KUCI 88.9fm

KUCI 88.9fm
Live & streaming

Sunday, April 8, 2018

Tim Wendel is a Washington DC-based author and he joined Janeane 4/9 at 9:00am to talk about his latest book, Cancer Crossings.

Cancer Crossings
A Brother, His Doctors, and the Quest for a Cure to Childhood Leukemia


LISTEN to today's show with Tim Wendel!


When Eric Wendel was diagnosed with acute lymphoblastic leukemia in 1966, the survival rate was 10 percent. Today, it is 90 percent. Even as politicians call for a "Cancer Moonshot," this accomplishment remains a pinnacle in cancer research.

The author’s daughter, then a medical student at Georgetown Medical School, told her father about this amazing success story. Tim Wendel soon discovered that many of the doctors at the forefront of this effort cared for his brother at Roswell Park in Buffalo, New York. Wendel went in search of this extraordinary group, interviewing Lucius Sinks, James Holland, Donald Pinkel, and others in the field. If there were a Mount Rushmore for cancer research, they would be on it.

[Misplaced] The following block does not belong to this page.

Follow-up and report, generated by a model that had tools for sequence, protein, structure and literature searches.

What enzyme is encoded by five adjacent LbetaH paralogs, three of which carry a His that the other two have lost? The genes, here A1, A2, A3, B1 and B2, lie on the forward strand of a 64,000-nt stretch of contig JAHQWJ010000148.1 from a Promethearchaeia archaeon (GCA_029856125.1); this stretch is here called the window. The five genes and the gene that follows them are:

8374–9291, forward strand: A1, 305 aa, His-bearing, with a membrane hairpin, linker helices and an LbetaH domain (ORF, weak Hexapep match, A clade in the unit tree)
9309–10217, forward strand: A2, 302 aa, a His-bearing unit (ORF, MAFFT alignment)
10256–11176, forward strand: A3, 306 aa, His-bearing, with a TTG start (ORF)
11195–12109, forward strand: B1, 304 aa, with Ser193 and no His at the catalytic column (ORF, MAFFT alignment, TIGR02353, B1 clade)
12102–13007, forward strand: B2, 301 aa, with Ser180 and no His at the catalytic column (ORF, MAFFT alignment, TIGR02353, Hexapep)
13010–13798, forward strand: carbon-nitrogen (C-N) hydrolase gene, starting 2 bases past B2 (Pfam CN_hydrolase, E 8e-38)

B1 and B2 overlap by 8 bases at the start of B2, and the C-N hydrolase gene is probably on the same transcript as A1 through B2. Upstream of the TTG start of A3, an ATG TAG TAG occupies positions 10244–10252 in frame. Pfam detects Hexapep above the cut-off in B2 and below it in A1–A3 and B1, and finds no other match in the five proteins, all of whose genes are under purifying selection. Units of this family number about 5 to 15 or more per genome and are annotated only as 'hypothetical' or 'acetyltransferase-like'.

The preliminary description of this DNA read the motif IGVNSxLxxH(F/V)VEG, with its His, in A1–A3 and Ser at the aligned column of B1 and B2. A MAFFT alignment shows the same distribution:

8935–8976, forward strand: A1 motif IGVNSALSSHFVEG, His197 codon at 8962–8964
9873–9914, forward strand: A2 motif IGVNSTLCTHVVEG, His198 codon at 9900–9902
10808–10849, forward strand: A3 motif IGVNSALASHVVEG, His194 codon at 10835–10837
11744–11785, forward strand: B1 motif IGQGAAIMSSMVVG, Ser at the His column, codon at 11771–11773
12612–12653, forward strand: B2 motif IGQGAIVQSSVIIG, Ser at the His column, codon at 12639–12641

Despite being ostracized by their medical peers, these doctors developed modern-day chemotherapy practices and invented the blood centrifuge machine, helping thousands of children live longer lives. Part family memoir and part medical narrative, Cancer Crossings explores how the Wendel family found the courage to move ahead with their lives. They learned to sail on Lake Ontario, cruising across miles of open water together, even as the campaign against cancer changed their lives forever.



Tim Wendel is a Washington DC-based author, and one of his previous 12 books was a New York Times Review of Books "Editor's Choice." His new book focuses on the Cancer Moonshot and how more money is not the answer--it's focused dedicated individuals with creative scientific license that can make a difference in cancer research today.